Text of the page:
This does not mean we have to be animals all the time, however. Nowhere is this more apparent in our definitions of beauty and, more importantly, the lengths we go in letting others know what beauty is not. For example, last night I was discussing a mutual friend with my wife. She mentioned that our friend has dated men who told her at the outset of intimacy, “You’re not usually my type.” Perhaps the men truly believed this aphrodisiacal prose was certain to inspire unbounded lust when it only perpetuates the false notion of a pre-existing beauty standard few actually attain.
For fourteen years I’ve moved bodies in yoga and fitness classes. Self-improvement, dopamine release, health—another topic Hamblin is particularly insightful on—there are numerous and varied reasons people exercise their bodies and minds. And there is a correlation between inner and outer beauty. When someone feels good their confidence spreads outwards. The need to cut open their cheeks (or shoot toxins into them) does not exist. Their genetic makeup trumps any cosmetic one.
Hamblin likens each human to a looking-glass self. How we understand ourselves is entwined with the perception of others. Surrounded by mirrors constantly, we’re also mirrors ourselves. He concludes:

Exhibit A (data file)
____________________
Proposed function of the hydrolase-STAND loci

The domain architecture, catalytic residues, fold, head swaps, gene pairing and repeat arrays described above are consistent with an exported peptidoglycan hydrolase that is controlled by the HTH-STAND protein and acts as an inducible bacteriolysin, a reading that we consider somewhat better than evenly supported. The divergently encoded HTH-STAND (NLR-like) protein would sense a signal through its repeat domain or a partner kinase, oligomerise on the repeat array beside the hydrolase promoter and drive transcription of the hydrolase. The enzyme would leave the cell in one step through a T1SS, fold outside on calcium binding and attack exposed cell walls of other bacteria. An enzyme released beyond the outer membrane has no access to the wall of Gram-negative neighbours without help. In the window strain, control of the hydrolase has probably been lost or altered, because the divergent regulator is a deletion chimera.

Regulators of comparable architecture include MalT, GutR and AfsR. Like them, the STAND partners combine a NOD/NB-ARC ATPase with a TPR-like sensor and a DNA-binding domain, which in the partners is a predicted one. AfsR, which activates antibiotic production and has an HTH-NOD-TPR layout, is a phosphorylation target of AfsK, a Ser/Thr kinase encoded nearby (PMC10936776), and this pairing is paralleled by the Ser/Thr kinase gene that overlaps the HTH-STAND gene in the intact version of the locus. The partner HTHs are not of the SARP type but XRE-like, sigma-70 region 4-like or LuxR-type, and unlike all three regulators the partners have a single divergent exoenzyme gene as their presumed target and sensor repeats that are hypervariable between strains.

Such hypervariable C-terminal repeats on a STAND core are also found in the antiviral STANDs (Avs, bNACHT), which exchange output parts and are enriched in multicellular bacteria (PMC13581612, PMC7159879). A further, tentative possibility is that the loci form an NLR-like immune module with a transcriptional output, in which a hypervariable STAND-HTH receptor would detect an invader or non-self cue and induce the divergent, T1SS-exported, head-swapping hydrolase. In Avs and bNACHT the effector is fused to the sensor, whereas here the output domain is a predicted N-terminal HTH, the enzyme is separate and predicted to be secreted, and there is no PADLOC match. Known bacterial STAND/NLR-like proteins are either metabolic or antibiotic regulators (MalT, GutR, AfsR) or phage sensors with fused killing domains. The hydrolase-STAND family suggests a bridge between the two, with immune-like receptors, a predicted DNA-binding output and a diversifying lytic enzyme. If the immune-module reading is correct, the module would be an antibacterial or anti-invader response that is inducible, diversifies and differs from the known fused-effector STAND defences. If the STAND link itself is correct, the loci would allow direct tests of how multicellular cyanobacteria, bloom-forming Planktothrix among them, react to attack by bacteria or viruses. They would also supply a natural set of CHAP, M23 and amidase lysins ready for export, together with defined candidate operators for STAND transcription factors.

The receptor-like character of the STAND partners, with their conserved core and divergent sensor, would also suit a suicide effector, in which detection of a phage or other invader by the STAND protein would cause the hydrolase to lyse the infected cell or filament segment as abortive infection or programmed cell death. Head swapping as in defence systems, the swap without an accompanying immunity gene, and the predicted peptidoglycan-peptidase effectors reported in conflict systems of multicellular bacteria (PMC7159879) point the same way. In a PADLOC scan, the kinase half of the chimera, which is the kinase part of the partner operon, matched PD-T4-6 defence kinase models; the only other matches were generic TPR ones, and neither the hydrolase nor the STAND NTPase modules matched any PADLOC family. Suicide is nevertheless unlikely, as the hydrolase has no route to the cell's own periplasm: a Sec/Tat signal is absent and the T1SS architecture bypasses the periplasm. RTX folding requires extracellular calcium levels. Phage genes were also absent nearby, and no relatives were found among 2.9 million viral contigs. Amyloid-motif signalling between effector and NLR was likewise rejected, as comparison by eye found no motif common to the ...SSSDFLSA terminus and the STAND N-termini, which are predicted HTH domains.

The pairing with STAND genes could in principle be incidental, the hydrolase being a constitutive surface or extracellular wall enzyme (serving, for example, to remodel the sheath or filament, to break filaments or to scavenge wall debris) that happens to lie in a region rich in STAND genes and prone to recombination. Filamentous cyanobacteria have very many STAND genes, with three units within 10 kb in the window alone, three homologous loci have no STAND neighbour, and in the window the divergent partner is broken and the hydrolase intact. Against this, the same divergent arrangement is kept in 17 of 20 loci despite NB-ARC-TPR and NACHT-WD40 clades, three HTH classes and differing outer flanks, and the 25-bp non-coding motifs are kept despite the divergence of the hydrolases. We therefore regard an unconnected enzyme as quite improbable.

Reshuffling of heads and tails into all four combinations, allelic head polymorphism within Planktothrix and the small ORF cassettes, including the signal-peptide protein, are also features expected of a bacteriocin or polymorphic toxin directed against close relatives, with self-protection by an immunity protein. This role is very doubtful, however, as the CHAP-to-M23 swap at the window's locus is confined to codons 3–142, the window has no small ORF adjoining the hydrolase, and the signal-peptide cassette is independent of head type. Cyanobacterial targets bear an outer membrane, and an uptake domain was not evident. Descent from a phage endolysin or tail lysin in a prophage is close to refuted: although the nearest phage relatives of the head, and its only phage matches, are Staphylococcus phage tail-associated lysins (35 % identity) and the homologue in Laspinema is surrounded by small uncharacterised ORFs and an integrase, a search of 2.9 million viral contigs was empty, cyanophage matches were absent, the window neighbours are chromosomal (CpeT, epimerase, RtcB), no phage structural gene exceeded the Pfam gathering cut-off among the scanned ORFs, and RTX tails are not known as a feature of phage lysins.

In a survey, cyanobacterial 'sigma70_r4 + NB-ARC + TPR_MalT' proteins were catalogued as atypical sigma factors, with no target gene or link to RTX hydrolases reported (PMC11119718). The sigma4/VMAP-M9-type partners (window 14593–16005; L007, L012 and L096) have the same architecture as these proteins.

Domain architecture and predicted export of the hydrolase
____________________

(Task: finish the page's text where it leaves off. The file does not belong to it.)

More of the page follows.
We can’t always choose our mirrors, but we can choose the kind of mirrors we will be—a kind mirror, or a malevolent mirror, or anything in between.
Choose well. You never know what mirror will stare back.
Derek's next book, Whole Motion: Training Your Brain and Body For Optimal Health, will be published on 7/4/17 by Carrel/Skyhorse Publishing. He is based in Los Angeles. Stay in touch on Facebook and Twitter.
A man's skeleton, found facedown with his hands bound, was unearthed near an ancient ceremonial circle during a high speed rail excavation project.
- A skeleton representing a man who was tossed face down into a ditch nearly 2,500 years ago with his hands bound in front of his hips was dug up during an excavation outside of London.
- The discovery was made during a high speed rail project that has been a bonanza for archaeology, as the area is home to more than 60 ancient sites along the planned route.
- An ornate grave of a high status individual from the Roman period and an ancient ceremonial circle were also discovered during the excavations.